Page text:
Treaty Oak is debuting the beer program with the Bright Side Blonde Ale, the Lil’ Hop Session IPA and the Fitzhugh Ale, a British mild. Each one is low ABV and balanced between each of the ingredients, including the Mandarina hops he favors that are “a wonderful sun-kissed orange flavor bomb.”
“The goal with all of (the beers) was to be extremely sessionable, like the current trend, so they’re all between 3 ½ and 5 ½ percent ABV,” Lamb said.
Eventually, Treaty Oak will be able to make the equivalent of 27,500 cases of beer a year — probably more, with the addition of two coming fermenters.
Although the three mainstays are on draft only for now, the brewery is hoping to release them in cans in March. Other brews are also in the works, but Lamb’s focus on the first three means he can scarcely fathom new styles at the moment.
“Once we get our feet underneath us, we will definitely do seasonals,” Lamb said. “Maybe a saison, maybe a maibock in the spring. It’s so early to say. But once we have details ironed out on the production side, I can slip away and do all these experimental things, which I really want to do.”
Expect plenty of experiments, a core activity at the ranch. The rickhouse is filled with barrels aging spirits, but they can age beer, too. And what about distilled beer? That’s already happening, of course.
In the meantime, Treaty Oak is planning tap takeovers and meet-the-brewer nights at area bars to introduce the beers. That has turned out to be another advantage for the company: Treaty Oak and its distributor have barely had to convince potential retailers to take a chance on them.
“Having that name recognition in all the bars around the state, it’s like, ‘Oh, yeah, sure.’ A lot of accounts have signed up without even tasting it,” Lamb said.
Because the new brewery isn’t quite up and running yet, the brewers haven’t been able to make as much Sputnik as fans of the dark beer would like, but you’ll still be able to get your fill of it starting on Dec. 11, when Austin Beerworks is throwing a party in the taproom to celebrate its arrival. Sputnik will be on draft there.
Following the release party, it’ll be available on draft and in cans around Austin. The cans are limited: 600 cases of six-packs are going out in a one-time run.
Inspired by the movie “Man on a Mission,” Austin Beerworks’ Sputnik is “a crazy and complex kitchen-sink-style oatmeal stout with a coffee twist” because it features the roasted goodness of Cuvée Coffee, according to the brewers. “It is the result of a collaboration between a passionate and nerdy beer brewer and an equally passionate and nerdy coffee roaster.”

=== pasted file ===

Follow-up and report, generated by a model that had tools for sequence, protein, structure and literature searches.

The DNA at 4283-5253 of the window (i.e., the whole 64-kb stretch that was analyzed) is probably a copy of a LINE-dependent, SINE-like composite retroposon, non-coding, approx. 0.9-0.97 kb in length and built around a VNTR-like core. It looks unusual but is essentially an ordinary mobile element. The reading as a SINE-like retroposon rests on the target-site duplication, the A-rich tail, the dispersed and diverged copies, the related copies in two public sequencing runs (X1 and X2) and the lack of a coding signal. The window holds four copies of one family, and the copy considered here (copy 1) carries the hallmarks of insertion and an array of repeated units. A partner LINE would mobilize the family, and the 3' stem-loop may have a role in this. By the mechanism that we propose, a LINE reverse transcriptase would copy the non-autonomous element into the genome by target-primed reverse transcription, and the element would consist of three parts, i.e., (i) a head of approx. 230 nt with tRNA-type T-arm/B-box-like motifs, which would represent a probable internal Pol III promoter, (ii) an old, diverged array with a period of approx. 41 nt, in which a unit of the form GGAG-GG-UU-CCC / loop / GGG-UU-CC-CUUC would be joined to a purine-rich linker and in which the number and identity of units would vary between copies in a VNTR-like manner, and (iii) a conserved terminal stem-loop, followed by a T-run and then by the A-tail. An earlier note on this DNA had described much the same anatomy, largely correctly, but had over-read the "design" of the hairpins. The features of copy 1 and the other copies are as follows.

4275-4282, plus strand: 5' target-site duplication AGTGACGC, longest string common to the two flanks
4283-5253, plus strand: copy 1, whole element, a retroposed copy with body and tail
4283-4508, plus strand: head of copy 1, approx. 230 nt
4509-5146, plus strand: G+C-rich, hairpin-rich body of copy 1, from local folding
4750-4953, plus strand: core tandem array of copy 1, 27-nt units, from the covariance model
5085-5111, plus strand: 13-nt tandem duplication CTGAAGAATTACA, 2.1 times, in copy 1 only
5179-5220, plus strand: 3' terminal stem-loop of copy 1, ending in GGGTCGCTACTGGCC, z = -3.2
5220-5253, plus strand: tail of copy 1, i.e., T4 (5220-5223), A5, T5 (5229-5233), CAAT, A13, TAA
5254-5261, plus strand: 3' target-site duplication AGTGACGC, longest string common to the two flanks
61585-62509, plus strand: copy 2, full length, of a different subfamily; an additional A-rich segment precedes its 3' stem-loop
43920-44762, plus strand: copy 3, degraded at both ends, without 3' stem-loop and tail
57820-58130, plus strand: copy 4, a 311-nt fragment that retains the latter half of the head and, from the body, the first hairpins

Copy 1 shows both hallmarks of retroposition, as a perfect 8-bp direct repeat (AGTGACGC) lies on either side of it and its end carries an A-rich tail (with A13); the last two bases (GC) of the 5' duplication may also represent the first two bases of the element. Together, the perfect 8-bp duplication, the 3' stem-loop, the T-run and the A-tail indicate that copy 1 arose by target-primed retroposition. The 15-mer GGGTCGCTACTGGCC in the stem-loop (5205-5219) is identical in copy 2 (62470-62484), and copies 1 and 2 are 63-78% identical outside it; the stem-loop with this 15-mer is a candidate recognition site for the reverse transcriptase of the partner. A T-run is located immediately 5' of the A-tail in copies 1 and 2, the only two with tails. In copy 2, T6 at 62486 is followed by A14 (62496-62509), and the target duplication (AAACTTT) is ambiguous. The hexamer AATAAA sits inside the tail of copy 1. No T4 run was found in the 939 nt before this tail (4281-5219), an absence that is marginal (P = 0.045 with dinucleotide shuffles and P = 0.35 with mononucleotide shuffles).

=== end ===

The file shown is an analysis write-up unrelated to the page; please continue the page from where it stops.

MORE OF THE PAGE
Sunday’s release party will run from 12 to 6 p.m. at the current taproom at 3009 Industrial Terrace.
If you haven’t been to the brewery in awhile, you’ll notice the large Austin Beerworks sign atop the building next door — that’s where the brewery is expanding into, in a move that will ultimately triple production capacity. The 16,000 sq. ft of new space greatly supplements the existing location of 8,000 sq. ft., which will be most likely converted to a packaging facility, according to Austin Beerworks co-founder Michael Graham.
The new brewery comes with a much larger taproom than the current one so that visitors will have more room to enjoy mainstay brews, seasonal releases and taproom-only specials. They’ll still get a look into the production space, thanks to a sort of “hockey window” divider beyond which towering stainless steel tanks are visible, and they’ll have an outdoor patio with AstroTurf for extra seating and possibly yard games.
Austin Beerworks is excited about all the extra room because the brewers will finally have a custom-built quality-assurance lab that looks like a high school chemistry classroom. They also purchased Odell Brewing‘s old brewhouse system, but they aren’t in any hurry to ramp up production once they get the go-ahead from the city to start using the new facility.
“We’re doubling capacity right off the bat with these six tanks, and we have room to add seven or eight more depending on how crazy we want to get. But we’re in no real rush to max out or even increase capacity that much right now,” Graham said. “I think the first thing we want to do is get used to this brand-new system (because) the recipes don’t scale. We’ll do some test batches and make sure we’re comfortable before anything else.”